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WHERE TO RIDE: HOUSTON’S BEST BIKE TRAILS

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Molly Mayo

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If you’ve braved the roads of Houston on a bike, then you probably know that Houston’s roads are not super bike-friendly. Bike lanes are sprinkled here and there, but it’s still hard to make a complete route without some questionable stretches on busy roads. So, where do Houstonians ride?

Luckily, there are tons of great bike-friendly trails scattered across Houston. Next time you’re planning a ride, be sure to include one of these awesome trails on your route!

A beautiful urban oasis found just west of downtown, the Buffalo Bayou Hike and Bike Trail is a five-mile loop of cemented trails. It’s really the perfect place to start your ride. Loop around and enjoy the hilly course and whimsical flora. Or ramp up your mileage by connecting to the Heights Hike and Bike Trail. How do you do that? Stick to the north side of the bayou and take the sharp left turn that’s basically under UH Downtown. Fitt Tip: There are separate bike and pedestrian paths, but somehow always pedestrians on the bike path. Gotta swerve!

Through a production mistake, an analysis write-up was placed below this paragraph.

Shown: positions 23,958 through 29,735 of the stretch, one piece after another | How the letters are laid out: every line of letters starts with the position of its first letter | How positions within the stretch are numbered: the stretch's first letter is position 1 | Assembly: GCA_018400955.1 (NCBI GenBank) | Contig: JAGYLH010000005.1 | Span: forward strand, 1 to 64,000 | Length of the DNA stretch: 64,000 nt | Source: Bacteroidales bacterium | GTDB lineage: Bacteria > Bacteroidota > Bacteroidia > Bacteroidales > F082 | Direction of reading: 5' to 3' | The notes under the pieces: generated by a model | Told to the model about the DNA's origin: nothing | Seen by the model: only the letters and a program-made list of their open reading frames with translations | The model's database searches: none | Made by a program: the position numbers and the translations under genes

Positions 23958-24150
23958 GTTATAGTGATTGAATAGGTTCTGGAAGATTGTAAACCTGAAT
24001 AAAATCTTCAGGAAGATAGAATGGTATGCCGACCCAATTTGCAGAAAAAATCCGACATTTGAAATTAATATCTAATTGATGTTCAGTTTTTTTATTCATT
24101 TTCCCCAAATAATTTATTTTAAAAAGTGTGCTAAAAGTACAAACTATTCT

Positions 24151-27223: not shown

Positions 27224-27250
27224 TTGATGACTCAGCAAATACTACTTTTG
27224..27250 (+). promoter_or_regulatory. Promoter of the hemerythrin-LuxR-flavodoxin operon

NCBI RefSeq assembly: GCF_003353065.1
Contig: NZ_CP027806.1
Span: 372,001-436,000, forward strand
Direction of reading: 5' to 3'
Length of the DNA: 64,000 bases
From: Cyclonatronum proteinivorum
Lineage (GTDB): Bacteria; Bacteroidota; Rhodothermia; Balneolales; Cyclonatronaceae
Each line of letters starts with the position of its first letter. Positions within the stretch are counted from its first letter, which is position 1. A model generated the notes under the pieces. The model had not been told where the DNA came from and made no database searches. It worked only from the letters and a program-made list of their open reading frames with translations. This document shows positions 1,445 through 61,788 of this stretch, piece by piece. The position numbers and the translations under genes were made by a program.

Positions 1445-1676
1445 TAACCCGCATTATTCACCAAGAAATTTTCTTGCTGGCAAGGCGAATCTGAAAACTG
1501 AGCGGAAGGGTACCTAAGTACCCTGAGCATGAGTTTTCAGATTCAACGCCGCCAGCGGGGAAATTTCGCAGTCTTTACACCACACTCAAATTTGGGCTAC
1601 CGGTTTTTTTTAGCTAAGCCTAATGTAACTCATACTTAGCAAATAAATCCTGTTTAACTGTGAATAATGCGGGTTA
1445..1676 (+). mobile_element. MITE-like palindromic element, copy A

This is the newest cement bike trail, snaking along T.C. Jester from The Heights to way outside of the Loop. Go here for 15 miles of uninterrupted trails — emphasis on uninterrupted! This trail is the city’s answer to pedestrian-cluttered park routes. The White Oak Bayou Greenway also connects with the Heights Hike and Bike Trail. So you can enjoy some distance whether you’re coming from downtown or the north side burbs.